A lack of human interaction can lead to pent up emotions and thoughts that can be detrimental to our well-being. Although not a substitute, journaling is a common coping mechanism for many people dealing with depression and anxiety, since it allows a person to express thoughts and feelings without revealing deep personal thoughts that could result in embarrassment. Even though I spend time with my wife, I continually journal my thoughts and feelings. Journaling helps us to avoid bottling up our emotions, which can lead to increased depression and anxiety and unwanted aggression towards family and friends. With technology, we can journal on a laptop or, making this accessible and convenient. If a person enjoys the physical act of writing, then it is simple to grab computer paper or a cheap notebook to record thoughts and emotions.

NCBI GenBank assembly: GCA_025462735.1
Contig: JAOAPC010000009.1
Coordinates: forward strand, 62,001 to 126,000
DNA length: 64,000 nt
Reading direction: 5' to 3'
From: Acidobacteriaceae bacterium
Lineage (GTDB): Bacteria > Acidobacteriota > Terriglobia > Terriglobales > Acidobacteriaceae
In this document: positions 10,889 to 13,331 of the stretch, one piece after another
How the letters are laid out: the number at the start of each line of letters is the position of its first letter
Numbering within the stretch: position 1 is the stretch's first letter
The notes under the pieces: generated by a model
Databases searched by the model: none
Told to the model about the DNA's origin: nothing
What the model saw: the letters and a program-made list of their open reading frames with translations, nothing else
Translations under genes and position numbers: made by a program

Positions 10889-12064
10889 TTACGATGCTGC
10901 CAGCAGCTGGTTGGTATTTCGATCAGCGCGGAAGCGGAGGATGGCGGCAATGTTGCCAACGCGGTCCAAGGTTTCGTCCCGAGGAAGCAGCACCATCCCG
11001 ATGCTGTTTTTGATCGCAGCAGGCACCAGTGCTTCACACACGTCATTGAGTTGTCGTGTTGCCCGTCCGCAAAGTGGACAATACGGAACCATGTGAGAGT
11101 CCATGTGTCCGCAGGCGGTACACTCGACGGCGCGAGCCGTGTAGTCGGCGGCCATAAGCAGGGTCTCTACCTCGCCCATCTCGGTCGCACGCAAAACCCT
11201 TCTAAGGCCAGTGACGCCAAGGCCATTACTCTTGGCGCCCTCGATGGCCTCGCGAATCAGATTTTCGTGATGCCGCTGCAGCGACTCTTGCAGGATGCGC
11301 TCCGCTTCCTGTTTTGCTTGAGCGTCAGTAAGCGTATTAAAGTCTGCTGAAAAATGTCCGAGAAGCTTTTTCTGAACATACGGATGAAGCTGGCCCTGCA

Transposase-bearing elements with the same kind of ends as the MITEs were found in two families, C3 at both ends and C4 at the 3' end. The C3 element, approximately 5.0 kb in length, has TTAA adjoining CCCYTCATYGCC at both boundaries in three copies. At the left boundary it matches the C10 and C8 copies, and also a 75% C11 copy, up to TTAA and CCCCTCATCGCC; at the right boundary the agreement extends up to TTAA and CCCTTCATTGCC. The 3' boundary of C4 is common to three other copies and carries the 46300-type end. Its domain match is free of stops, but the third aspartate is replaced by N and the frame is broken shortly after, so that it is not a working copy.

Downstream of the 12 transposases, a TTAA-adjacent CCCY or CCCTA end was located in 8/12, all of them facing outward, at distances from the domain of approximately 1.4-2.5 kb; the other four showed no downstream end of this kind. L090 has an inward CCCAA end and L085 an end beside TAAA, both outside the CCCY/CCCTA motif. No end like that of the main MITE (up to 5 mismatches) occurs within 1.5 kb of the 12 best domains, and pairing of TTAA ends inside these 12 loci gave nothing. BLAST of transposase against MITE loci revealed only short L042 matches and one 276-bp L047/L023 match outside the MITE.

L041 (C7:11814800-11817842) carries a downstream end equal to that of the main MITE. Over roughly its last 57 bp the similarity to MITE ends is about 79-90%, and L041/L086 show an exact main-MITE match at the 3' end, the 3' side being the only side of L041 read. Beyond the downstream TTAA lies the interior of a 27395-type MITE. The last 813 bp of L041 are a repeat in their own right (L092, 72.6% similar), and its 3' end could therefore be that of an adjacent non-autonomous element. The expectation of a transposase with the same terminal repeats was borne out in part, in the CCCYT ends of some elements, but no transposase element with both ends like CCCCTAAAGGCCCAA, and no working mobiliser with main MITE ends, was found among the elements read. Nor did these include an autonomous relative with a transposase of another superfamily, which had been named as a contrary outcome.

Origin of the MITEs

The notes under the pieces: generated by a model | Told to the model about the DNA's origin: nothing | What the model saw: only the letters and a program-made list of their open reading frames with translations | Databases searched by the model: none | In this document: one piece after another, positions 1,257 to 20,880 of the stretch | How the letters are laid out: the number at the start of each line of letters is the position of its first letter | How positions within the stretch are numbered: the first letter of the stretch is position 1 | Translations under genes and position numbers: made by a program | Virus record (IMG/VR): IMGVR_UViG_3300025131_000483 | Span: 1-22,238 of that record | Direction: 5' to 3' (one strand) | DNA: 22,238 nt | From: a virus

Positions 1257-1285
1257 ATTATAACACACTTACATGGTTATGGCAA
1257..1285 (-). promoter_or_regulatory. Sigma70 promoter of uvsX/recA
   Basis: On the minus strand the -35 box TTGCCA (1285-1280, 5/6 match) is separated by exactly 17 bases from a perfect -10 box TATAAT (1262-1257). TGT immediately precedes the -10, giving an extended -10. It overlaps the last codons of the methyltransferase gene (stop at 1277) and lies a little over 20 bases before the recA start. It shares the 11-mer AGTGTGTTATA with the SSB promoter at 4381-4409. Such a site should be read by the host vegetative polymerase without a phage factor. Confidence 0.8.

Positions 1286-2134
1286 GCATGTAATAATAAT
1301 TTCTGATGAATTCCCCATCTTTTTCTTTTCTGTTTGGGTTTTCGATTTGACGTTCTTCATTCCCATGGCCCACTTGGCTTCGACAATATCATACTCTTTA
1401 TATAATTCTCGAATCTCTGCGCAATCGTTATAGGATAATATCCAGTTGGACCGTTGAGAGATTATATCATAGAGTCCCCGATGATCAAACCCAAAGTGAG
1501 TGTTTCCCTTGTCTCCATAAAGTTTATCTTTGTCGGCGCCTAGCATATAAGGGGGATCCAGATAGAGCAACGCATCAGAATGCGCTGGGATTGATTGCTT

I live in beautiful Virginia, which makes engaging in outdoor activities simple. Even with our current “stay-at-home” orders, Virginians are still able to spend time walking, hiking, or exercising; and, I am grateful that our state government recognizes the importance of exercise during this season of distancing. Exercise is proven to lower symptoms of depression and anxiety. In March 2019, Harvard Medical School published an article on the benefits of exercise for those dealing with depression, indicating that low-intensity exercises sustained over time produces proteins called neurotrophins which causes the nerve cells to grow and make new connections within the brain. The growth of brain cells occurs in the hippocampus which is the part of the brain that controls mood, and exercise helps reduce depressive thoughts and feelings while simultaneously promoting healthy brain function.